Posts Tagged ‘cauliflower’


Good golly it’s cauli

October 23, 2010

I have shared my love of cauliflower with you not so long ago, but last week I discovered a new way to express my undying adoration, in the form of cauliflower soup.

After the pickled pear sensation that came via Skye Gyngell’s book to accompany her cauli soup, I decided to follow her lead. Ms G, as is her wont, does a funky glam makeover of a basic cauliflower soup, adding gorgonzola and creme fraiche and the relish. Looks amazing and I’m sure tastes incredible. But as I am an old hag of simple tastes, I did it without the bling – and the cauli did its magical flavour trick once again.

From almost no ingredients at all came the most deliciously creamy, nutty, rich and silky soup. I am totally hooked. I added a tiny bit of leftover seeni sambol (as mentioned here), but the pickled pear relish would work perfectly of course, or just nothing at all.  (And for those of us who might be trying to stave off the inevitable end-of-year gluttony bulge this soup must be a total winner because it’s so rich and satisfying, but as I find all calorie talk about as interesting as conversation about real estate or mobile phone plans, let’s never speak of it again.)

Anyway. Here tis. Tell me if you make it and if it’s as good as I think, or whether I have gone cauli crazy.

Cauliflower soup

  • 1 tablespoon butter
  • olive oil
  • 2 small onions, diced
  • 1 medium head of cauliflower broken into small florets
  • 4 sprigs thyme
  • 2 bay leaves
  • 1litre chicken or vegetable stock
  • Salt & pepper
  1. Heat the butter with a good glug of olive oil. When the butter starts to foam, add the onions and sauté over low heat for a few minutes until soft.
  2. Turn up the heat, add cauliflower and sauté for about10 to 15 minutes, turning regularly so it has a chance to turn golden all over.
  3. Add the stock and herbs, then turn down the heat and simmer cauliflower until very soft.
  4. When cauliflower is falling apart, puree the soup with a stick blender or in batches in a food processor till thick and creamy.
  5. Season with sea salt & pepper.



A bit on the side: roast cauli & chickpea salad

July 21, 2010

The other day, with a whole heap of folks coming to dinner, I had one of those crises of confidence in which you are suddenly convinced there won’t be enough food.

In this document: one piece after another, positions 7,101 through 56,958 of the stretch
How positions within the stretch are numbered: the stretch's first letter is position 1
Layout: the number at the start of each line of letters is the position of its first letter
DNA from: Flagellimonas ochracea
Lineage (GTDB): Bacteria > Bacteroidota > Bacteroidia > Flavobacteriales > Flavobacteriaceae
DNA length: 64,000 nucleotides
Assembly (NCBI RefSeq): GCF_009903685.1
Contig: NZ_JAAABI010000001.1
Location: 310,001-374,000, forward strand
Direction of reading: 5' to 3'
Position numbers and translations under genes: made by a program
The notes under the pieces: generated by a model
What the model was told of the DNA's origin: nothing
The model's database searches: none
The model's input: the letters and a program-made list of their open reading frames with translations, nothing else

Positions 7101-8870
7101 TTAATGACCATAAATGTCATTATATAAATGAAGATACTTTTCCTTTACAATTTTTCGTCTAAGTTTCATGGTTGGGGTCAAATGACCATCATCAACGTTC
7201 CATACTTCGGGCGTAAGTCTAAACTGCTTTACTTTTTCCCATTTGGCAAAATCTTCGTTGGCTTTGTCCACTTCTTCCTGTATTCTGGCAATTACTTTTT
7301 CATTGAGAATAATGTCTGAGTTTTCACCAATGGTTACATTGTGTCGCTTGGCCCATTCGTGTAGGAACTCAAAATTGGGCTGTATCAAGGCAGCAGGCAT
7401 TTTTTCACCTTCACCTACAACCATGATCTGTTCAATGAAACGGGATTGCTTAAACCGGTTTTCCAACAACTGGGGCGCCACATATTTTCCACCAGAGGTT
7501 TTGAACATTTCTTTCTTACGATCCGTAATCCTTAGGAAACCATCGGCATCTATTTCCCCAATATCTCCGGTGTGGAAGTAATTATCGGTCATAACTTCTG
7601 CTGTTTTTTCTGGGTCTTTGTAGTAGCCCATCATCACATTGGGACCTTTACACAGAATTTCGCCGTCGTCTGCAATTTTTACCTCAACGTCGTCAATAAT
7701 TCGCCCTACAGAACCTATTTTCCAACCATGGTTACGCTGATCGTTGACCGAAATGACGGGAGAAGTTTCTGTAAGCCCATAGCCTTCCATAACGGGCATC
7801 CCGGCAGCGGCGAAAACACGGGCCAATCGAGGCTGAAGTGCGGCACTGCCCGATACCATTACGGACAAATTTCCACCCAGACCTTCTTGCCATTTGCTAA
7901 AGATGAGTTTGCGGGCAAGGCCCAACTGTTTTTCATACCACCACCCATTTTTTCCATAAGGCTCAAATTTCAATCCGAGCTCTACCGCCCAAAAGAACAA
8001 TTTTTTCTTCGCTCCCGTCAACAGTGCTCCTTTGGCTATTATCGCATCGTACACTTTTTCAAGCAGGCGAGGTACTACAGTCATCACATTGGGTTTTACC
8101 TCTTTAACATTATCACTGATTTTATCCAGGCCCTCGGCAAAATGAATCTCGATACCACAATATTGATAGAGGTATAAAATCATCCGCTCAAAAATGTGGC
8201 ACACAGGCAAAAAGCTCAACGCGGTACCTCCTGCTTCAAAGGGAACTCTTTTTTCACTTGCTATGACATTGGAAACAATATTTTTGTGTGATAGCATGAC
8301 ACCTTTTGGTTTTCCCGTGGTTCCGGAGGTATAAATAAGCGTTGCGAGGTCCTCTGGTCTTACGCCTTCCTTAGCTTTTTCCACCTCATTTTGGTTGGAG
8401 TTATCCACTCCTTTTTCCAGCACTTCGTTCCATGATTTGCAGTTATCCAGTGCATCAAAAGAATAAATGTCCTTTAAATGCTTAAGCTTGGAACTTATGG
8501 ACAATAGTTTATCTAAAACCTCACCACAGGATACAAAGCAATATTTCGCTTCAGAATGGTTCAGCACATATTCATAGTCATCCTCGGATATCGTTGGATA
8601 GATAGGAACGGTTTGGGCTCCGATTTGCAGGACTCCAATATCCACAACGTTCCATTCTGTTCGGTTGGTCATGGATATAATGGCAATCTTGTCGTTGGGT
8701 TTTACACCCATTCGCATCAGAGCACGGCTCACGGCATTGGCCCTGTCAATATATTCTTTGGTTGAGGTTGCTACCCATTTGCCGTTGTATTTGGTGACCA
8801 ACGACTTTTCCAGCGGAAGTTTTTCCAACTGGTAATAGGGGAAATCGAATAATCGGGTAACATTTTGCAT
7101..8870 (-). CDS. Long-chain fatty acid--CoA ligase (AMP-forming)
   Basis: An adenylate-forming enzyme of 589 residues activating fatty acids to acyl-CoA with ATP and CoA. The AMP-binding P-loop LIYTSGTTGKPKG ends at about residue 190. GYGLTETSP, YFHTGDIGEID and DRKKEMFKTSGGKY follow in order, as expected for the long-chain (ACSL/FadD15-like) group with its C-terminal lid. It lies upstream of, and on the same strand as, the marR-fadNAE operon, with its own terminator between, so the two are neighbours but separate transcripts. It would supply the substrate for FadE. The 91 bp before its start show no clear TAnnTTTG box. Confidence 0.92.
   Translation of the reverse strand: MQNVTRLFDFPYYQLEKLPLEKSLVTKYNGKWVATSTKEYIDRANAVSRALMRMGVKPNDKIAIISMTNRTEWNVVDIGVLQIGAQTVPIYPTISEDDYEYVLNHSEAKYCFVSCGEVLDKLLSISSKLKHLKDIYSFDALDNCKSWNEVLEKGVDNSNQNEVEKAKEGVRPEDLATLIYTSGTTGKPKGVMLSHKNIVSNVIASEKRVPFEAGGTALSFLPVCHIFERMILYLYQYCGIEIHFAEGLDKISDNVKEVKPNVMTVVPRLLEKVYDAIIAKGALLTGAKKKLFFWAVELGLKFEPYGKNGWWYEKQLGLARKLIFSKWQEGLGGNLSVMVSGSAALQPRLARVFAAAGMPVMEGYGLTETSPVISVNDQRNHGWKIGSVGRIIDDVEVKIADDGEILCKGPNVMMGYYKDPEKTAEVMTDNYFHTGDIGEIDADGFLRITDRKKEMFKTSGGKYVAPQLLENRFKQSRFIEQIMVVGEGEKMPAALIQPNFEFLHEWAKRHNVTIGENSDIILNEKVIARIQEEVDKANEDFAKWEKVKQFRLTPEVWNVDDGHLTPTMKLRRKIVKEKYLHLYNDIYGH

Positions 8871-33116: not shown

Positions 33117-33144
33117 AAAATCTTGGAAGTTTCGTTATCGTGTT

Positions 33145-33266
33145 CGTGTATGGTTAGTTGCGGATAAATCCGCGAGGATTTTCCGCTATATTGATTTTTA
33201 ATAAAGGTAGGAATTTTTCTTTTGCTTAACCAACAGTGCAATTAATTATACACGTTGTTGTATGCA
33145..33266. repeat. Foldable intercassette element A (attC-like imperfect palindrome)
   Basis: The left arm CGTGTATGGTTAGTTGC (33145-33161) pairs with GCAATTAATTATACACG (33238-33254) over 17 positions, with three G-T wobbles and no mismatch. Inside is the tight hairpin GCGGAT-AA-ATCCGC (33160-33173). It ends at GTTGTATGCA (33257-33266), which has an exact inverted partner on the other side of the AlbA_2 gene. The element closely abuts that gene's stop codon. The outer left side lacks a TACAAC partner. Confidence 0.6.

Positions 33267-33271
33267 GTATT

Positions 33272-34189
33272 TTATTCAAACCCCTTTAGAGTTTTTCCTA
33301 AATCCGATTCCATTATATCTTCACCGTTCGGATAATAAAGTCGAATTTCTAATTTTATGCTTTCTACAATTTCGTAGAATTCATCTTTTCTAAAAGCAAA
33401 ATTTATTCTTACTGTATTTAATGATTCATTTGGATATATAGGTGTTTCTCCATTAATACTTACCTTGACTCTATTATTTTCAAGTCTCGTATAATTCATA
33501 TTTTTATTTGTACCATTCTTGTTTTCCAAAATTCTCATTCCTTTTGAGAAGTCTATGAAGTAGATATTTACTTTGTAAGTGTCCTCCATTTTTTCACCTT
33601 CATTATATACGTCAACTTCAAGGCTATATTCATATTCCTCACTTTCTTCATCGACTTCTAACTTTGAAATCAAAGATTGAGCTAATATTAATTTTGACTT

In our case this is almost always wrong (as indeed it turned out to be this time), but nevertheless the point came during the afternoon before a biggish gathering when Senor and I stood together peering into a huge pot (of Neil Perry’s cinnamon lamb) and asked each other, ‘Do you think there’ll be enough?’

Of course there was. But during that moment of doubt I recalled that in the fridge were a cauliflower and half a bunch of spinach, and the cupboard always has chickpeas. And I had for weeks wanted to try making a version of a delectable simple chickpea, silverbeet & cauliflower number I’d eaten twice now at Bodega (the Surry Hills tapas restaurant which I reckon must have some of the most blindingly delicious and original food in Sydney).

So I gave a version of this salad a try, as a little side dish to go with the tagine and the couscous, and it was not half bad. Next time I’d make the cauliflower florets larger as mine became a little too soft (and the Bodega cauli is deep-fried, I think, rather than roasted), but I have to say the flavour and texture was quite delicious. It’s a perfect quick side dish and chock full of goodness.

Roast cauliflower, spinach & chickpea salad

  • olive oil
  • ½ bunch English spinach, stems finely chopped & leaves roughly torn
  • ½ head cauliflower, broken into smallish florets
  • 1 cans chickpeas, very well drained
  • salt
  • 1 clove garlic, very finely chopped
  • tsp cumin
  • juice 1 lemon
  • few sprigs coriander, to garnish
  1. Break cauliflower into small florets, toss in a bowl with a good few glugs of olive oil till well coated, then spread over a baking tray and roast in a hot oven for around 30 mins or until golden brown.
  2. Meanwhile, heat olive oil over high heat and add drained chickpeas. Add salt & agitate in the pan until the chickpeas are well coated and begin to turn golden.
  3. Remove chickpeas with a slotted spoon to kitchen paper.
  4. Finely chop the spinach stems and add to the hot oil, fry till the pieces begin to crisp. Turn off the heat and add the leaves until they wilt.
  5. Gently mix the chickpeas, roasted cauliflower and spinach with the garlic  in a bowl. Add the lemon juice and cumin, adjusting to taste.
  6. Serve with a little chopped coriander to garnish.

And now, friends of the oyster, I am taking a fortnight away from blogging – am off to a writing retreat to try to finish my novel. See you soon!